Designers & Dragons came out of a simple question, “What ever happened to Imperium Games?”

That question dated back to the previous year, when I attended Gen Con Indy 2005. The convention helped me to rediscover some enthusiasm for gaming that I’d lost following my two years of work for Chaosium in 1996-1998. (Chaosium was great, a dream job, but doing your dream job 9-5 always has the danger of having a corrosive effect on a related hobby.) When I got back from the con I was jazzed to start in on a new project for RPGnet, which I was running at the time. Largely on my own time, in evenings and on weekends, I wrote software to organize an index of all roleplaying publications to that date, an attempt at a modern-day Heroic Worlds (1991).

I then began to fill in the content of the RPGnet Gaming Index from my own collection. That included the Traveller 4 publications from Imperium Games. But, I’m never finished that collection because of that job at Chaosium: ironically, I didn’t have money for RPGs while working there. Now, as I scoured the internet for references to books published after mid-1996, I discovered that Imperium Games had dropped out of business within a year of when I stopped buying their books. So I asked, “What happened?”

That led to me researching that question, and eventually researching Imperium’s whole history, and eventually writing up that history, because I thought it might be a nice article for RPGnet. But, the story had some problems. To be precise, there were some claims of financial malfeasance, and so I decided I couldn’t publish the article until I had more sources.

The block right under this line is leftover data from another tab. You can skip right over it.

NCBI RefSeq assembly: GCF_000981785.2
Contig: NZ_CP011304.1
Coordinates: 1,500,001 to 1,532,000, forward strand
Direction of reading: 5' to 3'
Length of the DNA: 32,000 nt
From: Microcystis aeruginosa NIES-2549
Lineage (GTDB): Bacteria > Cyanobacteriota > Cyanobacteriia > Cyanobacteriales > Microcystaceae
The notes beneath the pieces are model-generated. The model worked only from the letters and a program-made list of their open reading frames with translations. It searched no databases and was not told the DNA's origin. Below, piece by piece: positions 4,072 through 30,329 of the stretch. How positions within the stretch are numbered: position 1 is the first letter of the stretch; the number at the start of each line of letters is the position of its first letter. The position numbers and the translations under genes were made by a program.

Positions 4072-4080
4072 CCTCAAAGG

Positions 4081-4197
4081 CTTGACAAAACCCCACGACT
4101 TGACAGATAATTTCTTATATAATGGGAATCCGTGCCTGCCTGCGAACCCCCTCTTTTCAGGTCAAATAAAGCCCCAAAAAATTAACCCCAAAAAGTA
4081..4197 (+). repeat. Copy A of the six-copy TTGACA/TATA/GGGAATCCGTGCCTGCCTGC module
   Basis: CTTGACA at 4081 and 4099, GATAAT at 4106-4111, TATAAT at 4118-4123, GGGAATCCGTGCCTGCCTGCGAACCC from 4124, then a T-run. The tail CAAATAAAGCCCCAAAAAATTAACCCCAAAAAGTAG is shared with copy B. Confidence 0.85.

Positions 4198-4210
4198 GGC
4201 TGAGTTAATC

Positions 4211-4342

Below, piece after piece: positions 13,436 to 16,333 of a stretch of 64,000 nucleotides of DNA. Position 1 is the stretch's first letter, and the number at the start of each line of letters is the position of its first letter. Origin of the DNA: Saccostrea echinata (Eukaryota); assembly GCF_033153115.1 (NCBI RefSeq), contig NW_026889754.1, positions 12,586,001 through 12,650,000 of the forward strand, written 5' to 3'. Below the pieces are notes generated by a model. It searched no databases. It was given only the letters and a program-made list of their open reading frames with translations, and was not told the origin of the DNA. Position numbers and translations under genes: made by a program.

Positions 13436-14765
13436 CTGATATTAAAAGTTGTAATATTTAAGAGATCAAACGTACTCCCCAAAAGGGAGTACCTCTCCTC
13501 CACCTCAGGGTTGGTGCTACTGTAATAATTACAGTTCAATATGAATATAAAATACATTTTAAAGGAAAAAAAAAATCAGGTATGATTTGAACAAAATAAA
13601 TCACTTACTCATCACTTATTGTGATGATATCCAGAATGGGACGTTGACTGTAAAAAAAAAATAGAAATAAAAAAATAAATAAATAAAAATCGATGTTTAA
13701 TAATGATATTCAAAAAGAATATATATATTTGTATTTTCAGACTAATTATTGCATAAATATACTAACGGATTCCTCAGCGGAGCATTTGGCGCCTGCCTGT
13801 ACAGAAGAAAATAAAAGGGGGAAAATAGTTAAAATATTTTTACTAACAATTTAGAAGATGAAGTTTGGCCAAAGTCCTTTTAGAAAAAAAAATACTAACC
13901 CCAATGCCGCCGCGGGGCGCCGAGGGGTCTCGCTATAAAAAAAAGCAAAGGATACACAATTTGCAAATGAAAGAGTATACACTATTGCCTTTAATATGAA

Nonetheless, the process of researching and writing had been a lot of fun, and so while I waited on the finalization of my Imperium Games article, I decided to write another, which was my history of Wizards of the Coast. I published it in a new RPGnet column called “A Brief History of Game”. The article got slash-dotted and I spent an evening barely keeping the RPGnet server alive. After that, I decided I had something here, that people were interested in the history of the roleplaying hobby, so I kept writing. My column thus became regular, running twice a month.

“A Brief History of Game” consists of the first dozen roleplaying histories I wrote, minus that problematic Imperium Games history, which I never published online. All of them reappeared in both the Mongoose edition of Designers & Dragons (2011) and the four-book Designers & Dragons series from Evil Hat (2014). The company histories in those volumes are better edited and more comprehensive, but if you’d like to see them in their original, raw form, look for them here, in “A Brief History of Game”.

By the time I got to the end of the “A Brief History of Game” column, I had a deal to publish my histories as a complete book, and I opted to stop publishing them online. But, I wanted to maintain the interest. As a result, the latter third of the column covers what I’d later called my “orthogonal” histories: other ways to look at the history of the roleplaying industry, apart from the company histories at the heart of Designers & Dragons. That includes genre histories and the first few of my yearly chronicles.

“A Brief History of Game” largely went on hiatus in mid 2007 when I really began working in earnest on a print book; it would be replaced after the Mongoose edition was published, in mid 2011, with “Designers & Dragons: The Column”, meant to be a supplement to the first-edition book.

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